TENS stands for transcutaneous electrical nerve stimulation. It is used for short-term musculoskeletal healing after an injury or surgery and for prolonged healing after a serious trauma or for arthritis. It is a viable pain control treatment alternative to drugs. The TENS machine for horses is different than the TENS machine for humans. However, the basic principle of both is similar. Electrical pulses are sent out via a patch on the skin to stimulate neurons in different muscle groups, thereby hiding the pain of the injury. While some debate the effectiveness of TENS, many horse owners rely on it.
- TENS stands for transcutaneous electrical nerve stimulation.
- While some debate the effectiveness of TENS, many horse owners rely on it.
Brush and curry comb your horse to get the dust off. If your horse has a nice shaggy winter coat, you could shave the spots where you will place the electrode patches.
Test the battery pack to ensure that the unit is charged and ready. Turn off the unit when applying the electrodes to the affected area. Use the gel included in the kit to coat the ends of the electrodes. Just dip the ends in it. The patches must cover the end of each electrode. Put the patches in new spots for each new treatment.
- Brush and curry comb your horse to get the dust off.
- Turn off the unit when applying the electrodes to the affected area.
Dial the control knobs carefully and slowly, searching for the right amount of electricity. The horse should feel a tingling sensation but no pain. You will see the muscles contract but not stiffen. This is where it would help to have a trained person to show you.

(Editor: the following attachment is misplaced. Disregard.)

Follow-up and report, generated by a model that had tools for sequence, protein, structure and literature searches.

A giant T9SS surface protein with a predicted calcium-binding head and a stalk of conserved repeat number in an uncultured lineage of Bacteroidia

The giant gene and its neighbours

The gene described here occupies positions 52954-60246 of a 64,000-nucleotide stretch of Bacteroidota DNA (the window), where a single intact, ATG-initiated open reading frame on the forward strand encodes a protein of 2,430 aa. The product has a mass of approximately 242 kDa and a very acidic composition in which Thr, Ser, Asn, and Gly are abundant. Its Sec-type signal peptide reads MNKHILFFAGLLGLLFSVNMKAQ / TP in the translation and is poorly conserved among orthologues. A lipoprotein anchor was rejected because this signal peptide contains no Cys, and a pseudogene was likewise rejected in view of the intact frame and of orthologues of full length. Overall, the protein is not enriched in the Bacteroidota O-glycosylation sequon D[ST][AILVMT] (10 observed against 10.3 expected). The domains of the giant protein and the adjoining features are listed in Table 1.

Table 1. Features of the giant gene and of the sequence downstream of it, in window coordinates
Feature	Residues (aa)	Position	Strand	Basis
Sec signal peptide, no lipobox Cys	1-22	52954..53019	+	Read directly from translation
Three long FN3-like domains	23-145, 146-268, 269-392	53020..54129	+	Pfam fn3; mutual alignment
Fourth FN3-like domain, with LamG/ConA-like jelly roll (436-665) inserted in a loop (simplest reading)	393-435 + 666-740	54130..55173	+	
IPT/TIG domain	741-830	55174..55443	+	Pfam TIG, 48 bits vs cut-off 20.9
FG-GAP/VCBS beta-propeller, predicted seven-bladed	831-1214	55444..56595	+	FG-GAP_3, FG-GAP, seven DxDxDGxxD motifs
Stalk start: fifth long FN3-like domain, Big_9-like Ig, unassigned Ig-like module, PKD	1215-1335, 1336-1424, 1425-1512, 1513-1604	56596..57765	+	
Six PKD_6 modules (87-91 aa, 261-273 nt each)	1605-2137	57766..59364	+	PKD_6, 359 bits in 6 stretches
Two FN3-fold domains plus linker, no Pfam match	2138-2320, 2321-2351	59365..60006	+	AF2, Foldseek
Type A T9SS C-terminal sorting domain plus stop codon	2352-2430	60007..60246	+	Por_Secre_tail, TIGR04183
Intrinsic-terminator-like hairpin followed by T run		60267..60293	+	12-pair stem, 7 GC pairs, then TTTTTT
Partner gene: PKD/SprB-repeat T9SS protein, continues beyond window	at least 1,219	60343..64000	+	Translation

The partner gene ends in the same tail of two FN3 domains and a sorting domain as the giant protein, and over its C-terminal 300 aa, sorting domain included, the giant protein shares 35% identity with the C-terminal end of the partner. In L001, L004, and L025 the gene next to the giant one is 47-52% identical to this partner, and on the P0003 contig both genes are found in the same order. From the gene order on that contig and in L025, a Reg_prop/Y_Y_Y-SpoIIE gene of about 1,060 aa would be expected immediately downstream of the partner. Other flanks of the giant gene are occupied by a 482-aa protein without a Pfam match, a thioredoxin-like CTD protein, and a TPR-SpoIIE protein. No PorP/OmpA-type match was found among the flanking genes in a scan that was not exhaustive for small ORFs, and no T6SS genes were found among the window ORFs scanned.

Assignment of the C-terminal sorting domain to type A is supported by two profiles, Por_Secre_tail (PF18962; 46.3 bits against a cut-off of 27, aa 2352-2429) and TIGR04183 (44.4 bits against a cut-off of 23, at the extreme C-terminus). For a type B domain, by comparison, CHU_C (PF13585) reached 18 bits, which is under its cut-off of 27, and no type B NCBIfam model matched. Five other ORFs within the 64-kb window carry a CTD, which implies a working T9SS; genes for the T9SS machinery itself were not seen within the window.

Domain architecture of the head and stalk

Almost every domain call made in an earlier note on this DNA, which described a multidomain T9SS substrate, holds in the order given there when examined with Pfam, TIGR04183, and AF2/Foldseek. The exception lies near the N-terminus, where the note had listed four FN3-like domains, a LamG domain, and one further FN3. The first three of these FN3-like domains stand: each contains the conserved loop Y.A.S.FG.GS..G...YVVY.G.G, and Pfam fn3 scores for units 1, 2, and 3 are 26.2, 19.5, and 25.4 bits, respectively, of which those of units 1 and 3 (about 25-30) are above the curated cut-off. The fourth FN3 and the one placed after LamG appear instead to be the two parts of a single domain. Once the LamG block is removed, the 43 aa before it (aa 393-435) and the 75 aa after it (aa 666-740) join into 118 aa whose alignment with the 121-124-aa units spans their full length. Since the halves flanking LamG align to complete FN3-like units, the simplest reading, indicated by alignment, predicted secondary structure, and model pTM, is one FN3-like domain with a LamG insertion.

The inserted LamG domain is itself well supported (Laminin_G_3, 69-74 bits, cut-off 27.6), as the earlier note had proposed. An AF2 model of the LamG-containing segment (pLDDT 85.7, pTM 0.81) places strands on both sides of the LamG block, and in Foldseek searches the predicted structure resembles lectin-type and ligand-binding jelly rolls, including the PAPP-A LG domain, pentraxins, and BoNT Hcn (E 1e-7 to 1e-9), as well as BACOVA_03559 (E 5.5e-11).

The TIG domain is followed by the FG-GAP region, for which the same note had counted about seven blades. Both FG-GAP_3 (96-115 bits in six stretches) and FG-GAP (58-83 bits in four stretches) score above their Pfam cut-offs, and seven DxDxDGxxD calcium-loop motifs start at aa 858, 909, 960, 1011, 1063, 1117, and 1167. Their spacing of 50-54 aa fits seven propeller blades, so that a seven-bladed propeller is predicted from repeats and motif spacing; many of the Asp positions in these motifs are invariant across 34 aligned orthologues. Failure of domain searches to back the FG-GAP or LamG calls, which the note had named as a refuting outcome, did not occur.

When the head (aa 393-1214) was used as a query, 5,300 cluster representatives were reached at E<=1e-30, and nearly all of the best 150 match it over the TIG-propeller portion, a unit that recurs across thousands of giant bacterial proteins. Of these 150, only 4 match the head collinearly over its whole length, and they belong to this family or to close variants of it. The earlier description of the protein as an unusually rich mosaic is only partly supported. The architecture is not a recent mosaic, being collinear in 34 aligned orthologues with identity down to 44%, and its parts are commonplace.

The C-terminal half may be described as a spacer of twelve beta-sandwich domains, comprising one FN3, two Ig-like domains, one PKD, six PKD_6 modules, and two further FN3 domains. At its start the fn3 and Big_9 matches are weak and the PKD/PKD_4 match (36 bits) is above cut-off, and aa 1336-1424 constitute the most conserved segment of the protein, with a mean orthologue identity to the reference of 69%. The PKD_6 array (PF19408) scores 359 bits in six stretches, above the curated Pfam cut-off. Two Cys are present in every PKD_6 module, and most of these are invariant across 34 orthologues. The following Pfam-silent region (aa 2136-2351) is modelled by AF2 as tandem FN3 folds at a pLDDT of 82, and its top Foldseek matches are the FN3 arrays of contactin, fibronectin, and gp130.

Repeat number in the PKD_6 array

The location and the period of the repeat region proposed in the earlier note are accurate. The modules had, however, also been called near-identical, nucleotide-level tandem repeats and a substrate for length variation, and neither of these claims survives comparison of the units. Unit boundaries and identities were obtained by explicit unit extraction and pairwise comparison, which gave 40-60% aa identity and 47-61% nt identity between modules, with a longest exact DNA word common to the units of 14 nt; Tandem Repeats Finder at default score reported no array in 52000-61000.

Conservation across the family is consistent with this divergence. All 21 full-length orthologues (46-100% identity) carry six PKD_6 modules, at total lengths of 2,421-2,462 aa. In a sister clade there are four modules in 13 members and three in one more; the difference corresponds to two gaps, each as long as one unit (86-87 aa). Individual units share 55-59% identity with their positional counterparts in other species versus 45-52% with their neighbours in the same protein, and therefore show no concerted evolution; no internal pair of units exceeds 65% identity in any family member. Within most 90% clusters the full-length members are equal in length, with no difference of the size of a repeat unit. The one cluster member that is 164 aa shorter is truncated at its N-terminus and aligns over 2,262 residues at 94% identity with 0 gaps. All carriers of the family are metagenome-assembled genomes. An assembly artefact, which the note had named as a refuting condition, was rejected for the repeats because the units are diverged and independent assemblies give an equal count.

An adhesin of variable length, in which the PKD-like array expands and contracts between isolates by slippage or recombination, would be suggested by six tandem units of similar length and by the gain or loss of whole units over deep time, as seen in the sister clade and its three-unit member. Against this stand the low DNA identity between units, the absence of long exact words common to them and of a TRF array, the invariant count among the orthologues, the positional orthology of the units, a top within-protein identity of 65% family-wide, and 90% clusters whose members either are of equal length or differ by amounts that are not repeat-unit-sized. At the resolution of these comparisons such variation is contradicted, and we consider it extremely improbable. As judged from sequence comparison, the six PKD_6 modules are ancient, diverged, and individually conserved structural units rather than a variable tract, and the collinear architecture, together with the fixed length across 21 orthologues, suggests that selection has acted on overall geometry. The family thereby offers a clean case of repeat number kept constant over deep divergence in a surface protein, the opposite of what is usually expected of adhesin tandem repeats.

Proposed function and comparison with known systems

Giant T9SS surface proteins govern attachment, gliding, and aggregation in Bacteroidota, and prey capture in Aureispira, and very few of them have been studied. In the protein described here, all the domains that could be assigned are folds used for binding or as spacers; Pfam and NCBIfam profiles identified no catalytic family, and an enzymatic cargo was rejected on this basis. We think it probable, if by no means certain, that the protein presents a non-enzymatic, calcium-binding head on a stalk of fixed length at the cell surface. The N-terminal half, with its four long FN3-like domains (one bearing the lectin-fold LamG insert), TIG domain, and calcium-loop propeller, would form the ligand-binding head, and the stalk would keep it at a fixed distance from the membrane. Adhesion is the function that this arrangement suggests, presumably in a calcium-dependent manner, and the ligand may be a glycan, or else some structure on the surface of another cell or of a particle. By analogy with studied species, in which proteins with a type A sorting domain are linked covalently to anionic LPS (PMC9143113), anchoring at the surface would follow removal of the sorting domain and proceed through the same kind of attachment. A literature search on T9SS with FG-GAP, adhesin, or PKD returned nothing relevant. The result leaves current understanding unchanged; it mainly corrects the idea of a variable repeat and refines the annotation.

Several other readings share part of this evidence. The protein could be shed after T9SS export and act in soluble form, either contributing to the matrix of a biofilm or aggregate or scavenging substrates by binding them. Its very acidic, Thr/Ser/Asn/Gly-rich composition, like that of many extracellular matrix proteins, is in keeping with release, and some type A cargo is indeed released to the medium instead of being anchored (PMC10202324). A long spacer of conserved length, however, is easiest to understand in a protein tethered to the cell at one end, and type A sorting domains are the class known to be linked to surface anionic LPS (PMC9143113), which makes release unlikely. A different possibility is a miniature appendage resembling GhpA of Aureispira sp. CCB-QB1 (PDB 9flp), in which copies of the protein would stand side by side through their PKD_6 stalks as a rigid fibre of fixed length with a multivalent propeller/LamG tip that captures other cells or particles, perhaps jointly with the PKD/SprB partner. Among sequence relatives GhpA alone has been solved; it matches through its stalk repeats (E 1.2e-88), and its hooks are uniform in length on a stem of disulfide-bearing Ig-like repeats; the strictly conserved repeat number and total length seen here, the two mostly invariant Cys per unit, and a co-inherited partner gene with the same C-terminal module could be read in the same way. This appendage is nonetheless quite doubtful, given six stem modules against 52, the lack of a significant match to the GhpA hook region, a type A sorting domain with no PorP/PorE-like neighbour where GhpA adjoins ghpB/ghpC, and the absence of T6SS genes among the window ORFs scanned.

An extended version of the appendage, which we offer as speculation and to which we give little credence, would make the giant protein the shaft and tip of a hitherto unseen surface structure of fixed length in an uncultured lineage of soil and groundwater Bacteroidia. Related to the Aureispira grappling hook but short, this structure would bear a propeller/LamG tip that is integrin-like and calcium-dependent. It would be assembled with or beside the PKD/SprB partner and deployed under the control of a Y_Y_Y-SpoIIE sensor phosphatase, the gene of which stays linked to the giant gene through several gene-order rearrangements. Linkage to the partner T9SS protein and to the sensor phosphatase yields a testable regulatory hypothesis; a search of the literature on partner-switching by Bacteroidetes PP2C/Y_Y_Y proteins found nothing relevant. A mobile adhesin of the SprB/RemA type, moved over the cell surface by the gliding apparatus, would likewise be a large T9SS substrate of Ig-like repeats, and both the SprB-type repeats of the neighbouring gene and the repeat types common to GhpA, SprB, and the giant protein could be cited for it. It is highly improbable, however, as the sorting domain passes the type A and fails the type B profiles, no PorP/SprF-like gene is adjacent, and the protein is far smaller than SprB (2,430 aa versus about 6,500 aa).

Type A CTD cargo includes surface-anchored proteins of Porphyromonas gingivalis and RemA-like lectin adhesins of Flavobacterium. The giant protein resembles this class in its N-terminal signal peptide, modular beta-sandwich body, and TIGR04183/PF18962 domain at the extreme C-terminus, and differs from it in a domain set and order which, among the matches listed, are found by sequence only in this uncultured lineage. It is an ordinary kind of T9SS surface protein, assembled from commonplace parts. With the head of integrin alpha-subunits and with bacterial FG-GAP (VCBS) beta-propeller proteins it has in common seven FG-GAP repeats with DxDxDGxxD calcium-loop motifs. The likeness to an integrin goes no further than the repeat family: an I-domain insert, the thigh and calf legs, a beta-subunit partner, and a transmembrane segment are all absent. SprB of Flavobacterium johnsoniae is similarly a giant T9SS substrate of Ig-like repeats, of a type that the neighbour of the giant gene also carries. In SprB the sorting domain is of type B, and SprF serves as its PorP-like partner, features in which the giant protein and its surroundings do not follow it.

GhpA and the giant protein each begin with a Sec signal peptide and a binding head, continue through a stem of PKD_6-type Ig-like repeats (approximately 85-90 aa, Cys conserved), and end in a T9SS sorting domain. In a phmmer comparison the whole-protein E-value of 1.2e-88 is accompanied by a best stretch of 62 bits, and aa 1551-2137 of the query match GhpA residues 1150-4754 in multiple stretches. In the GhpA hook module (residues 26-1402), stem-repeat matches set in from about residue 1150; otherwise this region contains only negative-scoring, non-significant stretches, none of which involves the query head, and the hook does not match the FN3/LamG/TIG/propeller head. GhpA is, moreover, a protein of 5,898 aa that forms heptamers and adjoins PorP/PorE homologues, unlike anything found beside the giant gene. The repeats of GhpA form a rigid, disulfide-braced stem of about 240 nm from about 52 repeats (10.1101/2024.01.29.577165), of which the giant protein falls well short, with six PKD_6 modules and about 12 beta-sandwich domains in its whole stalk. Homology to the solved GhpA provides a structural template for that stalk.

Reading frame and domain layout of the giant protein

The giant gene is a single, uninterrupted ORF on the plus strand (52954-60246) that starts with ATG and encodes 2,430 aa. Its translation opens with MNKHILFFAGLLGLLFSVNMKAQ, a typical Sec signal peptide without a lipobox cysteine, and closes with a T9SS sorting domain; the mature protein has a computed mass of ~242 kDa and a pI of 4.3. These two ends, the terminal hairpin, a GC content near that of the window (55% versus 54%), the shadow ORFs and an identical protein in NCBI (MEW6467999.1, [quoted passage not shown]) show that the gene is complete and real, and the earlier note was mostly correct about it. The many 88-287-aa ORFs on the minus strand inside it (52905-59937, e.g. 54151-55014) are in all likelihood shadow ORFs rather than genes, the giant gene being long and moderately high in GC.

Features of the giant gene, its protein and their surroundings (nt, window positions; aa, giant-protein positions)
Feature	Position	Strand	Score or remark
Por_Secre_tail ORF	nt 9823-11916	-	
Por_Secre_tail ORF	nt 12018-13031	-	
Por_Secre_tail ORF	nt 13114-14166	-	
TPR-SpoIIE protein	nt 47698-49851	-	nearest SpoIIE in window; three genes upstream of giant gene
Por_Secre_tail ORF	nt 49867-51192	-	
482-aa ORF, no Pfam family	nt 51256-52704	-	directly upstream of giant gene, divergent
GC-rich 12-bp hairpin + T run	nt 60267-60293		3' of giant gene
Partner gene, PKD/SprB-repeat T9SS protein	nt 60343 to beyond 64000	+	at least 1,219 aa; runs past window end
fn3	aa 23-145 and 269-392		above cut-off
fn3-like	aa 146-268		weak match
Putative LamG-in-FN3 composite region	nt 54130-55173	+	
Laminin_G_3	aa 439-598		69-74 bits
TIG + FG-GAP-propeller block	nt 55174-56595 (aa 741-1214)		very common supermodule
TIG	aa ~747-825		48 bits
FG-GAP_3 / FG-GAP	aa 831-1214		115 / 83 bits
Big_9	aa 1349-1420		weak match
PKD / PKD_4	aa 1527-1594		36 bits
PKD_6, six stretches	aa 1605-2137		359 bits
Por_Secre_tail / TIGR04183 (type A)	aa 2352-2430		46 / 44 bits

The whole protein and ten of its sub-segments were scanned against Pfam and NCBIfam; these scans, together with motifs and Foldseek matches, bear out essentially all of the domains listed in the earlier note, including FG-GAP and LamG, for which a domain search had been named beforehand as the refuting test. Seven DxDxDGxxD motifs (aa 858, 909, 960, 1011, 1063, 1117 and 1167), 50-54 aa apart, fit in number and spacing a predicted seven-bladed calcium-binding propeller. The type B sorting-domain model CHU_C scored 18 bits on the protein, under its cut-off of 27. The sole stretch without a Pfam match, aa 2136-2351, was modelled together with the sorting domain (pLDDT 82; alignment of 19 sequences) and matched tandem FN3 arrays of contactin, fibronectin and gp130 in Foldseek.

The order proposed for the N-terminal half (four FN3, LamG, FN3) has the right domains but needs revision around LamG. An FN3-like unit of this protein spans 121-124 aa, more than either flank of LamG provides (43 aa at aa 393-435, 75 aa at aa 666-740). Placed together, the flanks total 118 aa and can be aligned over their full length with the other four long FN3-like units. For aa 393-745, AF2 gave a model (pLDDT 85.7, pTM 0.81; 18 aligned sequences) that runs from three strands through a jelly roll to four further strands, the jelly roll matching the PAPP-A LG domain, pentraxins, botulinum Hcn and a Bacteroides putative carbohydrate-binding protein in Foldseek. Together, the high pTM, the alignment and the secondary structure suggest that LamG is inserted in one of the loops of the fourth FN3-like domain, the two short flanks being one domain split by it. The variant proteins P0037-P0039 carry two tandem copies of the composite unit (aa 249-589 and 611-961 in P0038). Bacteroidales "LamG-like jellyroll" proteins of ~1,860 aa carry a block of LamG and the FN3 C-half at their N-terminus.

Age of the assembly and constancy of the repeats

While it is legal for anyone to own and operate a TENS machine, it is recommended that you spend some time learning how to use the machine from someone who knows it well. Use the machine in a calm, quiet place, like a clean stall. Quiet music might help to facilitate treatment. Watch the horse closely for signs of discomfort, like head bobbing or tail twitching. Dial down the electricity until the animal is comfortable. Horses normally have a high threshold to pain, but the goal is to confuse the original pain with a comfortable sensation. When you hit the sweet spot, the animal will be calm and relaxed.
Never place electrodes near the horse's eyes. The electrodes should also not be put at the base of the brain or throat. Do not place electrodes on the horse's neck near the carotid or jugular veins, as they might interrupt blood flow that is essential in the healing process. Do not let water come in contact with the electrodes or battery pack. Never use them on broken skin. Watch the areas of skin where the patches are and reposition them if there is any sign of irritation.